Rayman, Globox and friends have been snoozing for a century while the Bubble Dreamer’s nightmares grow worse and the gloriously silly worlds he dreams into existence are populated with more and more insidious evil-doers.
Now Rayman and friends must be awoken from their slumber to rid the world of its blight and restore the carefree happiness. Teensies must be rescued, Lums must be collected and evil must be firmly punched, kicked and bounced upon. Luckily, Murfy the fairy makes a return to assist you through the areas by cutting ropes, activating mechanisms, poking monsters in the eye or tickling giant club-wielding enemies so you can throw a disjointed fist in their direction unhindered.
Hold on a minute. Tickling?
Oh yes, Rayman Legends is still as chock-full of happy lunacy as its predecessor was. It’s a galloping, giggling run through an over-saturated world of carefree joy. It’s a gloriously painted, parallax-scrolling potter around a world of unfettered, gleeful exuberance. It’s not even close to approaching what we might consider normal but it simply doesn’t care. It’s the bounding dog chasing its tail in the park. It’s the child on the playground swings that laughs uncontrollably with each weightless oscillation. Rayman Legends is complete, unselfconscious fun.
It’s action packed, too. Legends throws collectables at you at a break-neck pace so that there’s always something unlocking. Some new thing to go and look at, a new painting to jump into and explore the worlds beyond or a new creature, hero or classic “Back to Origins” level to play through.
You can unlock and play as a number of legends, as well as Rayman, Globox and the Teensies. You can play with up to four people. You can set times in tightly designed showpiece levels that push the potentially repetitive platforming mechanics in entirely different directions. Rayman Legends is never boring, always bristling with creativity, imagination and a spirit of exploration that surpasses even its predecessor.
The real star of this show isn’t Rayman. It isn’t even the gorgeously painted background art or the wonderfully immersive parallax scrolling. The real genius of Rayman Legends is the level design. Everything is so tightly created that it works without requiring – or at times even allowing – consideration. The level design works perfectly with you to allow that abandonment of thought that leads simply to pure enjoyment because it all works so naturally. Even many of the hidden paths seem to suggest themselves just as you pass them – encouraging a second run at a level when you will know just the right moment to jump so that you don’t miss it a second time.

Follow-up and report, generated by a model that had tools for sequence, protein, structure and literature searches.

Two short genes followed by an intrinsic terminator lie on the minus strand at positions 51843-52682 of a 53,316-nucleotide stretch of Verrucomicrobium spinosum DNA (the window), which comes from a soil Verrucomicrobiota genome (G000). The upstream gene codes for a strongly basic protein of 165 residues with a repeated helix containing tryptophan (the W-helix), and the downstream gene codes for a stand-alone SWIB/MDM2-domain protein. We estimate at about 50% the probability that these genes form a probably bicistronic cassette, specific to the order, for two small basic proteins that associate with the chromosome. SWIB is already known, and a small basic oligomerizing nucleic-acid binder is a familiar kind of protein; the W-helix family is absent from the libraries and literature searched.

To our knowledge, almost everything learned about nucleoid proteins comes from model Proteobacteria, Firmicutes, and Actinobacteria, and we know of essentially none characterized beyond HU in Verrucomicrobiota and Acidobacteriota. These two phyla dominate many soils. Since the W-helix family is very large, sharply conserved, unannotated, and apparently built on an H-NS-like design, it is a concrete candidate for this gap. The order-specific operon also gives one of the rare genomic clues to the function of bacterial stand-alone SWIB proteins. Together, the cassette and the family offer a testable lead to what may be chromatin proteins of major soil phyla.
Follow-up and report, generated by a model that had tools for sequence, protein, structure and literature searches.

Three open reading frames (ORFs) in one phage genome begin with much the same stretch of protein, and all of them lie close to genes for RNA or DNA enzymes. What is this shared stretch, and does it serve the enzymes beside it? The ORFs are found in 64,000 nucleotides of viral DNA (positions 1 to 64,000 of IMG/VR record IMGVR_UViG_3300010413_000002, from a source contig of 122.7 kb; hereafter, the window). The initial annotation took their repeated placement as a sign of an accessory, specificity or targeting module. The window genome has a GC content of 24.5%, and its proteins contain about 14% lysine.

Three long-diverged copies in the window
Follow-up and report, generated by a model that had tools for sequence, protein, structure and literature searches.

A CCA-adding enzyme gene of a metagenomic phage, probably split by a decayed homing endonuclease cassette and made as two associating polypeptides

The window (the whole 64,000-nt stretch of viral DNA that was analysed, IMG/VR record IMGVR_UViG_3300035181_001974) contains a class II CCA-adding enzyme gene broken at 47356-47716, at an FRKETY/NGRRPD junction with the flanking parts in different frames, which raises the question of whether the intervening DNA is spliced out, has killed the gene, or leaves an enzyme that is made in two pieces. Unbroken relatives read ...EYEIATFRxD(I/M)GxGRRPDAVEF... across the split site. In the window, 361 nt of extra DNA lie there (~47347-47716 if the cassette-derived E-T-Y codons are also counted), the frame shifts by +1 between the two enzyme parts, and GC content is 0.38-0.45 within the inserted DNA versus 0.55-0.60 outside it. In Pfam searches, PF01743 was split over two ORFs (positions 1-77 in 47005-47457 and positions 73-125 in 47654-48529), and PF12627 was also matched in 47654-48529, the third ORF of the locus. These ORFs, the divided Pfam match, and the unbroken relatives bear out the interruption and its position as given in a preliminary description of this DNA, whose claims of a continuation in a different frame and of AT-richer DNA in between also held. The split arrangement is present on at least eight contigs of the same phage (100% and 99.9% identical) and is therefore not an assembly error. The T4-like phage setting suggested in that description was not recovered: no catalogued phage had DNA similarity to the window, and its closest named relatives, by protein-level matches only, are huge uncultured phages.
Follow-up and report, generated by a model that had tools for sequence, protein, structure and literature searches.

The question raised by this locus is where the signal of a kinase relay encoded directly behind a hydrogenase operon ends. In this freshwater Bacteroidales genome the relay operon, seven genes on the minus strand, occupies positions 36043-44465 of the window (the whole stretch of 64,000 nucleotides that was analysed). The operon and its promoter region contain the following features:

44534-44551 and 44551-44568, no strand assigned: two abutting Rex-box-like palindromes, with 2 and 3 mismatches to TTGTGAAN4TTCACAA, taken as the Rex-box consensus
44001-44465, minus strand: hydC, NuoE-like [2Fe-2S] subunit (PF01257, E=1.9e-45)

It’s not a particularly difficult game and the checkpointing is only very rarely frustrating but that’s not really the point. You’re not supposed to struggle through this, you’re supposed to run alongside it. Even the levels specifically created to act as little speed runs that you can muscle-memory your way through and post your time to a leaderboard don’t needlessly frustrate or obstruct you, they encourage you to streamline and learn timings. Everything is about positivity, improving your core techniques rather than simply circumventing an obstacle.
[drop2]There’s plenty of content here too, with six worlds each consisting of roughly half a dozen levels, plus a couple of levels to unlock a new hero to play as and a musically-timed level to tear through. There are daily challenges sent through the network too – this game mode is freely available on Wii U pre-launch, and should keep you coming back day after day, collecting Lums and freeing up Teensies – you’ll need a massive 400 to unlock the most costly Living Dead Party world.
There’s even a completely off-topic local multiplayer mini-game called Kung Foot in which you have to punch and kick a football into your opponent’s goal. It’s all played on a single screen and fantastically captures that couch-bound multiplayer feeling by presenting something that’s incredibly simple and yet decided by such narrow margins that you’ll always be alternating between joyous triumphalism and resentful frustration.
Rayman Legends doesn’t need a thousand words of explanation and assessment. It’s not a weighty, narrative driven game that will make you postulate meanings or attribute deep allegorical intentions. This is a game about not thinking, it’s a game about letting go and just enjoying the colours and sounds and swirling, bouncing happiness that’s taking up your screen. You’ll have to practice elements, you’ll need to learn locations of hidden areas and timings of jump sequences to progress. But you’ll certainly never be bored.
Reviewed from Xbox 360 review code and the freely available Wii U Daily Challenge mode.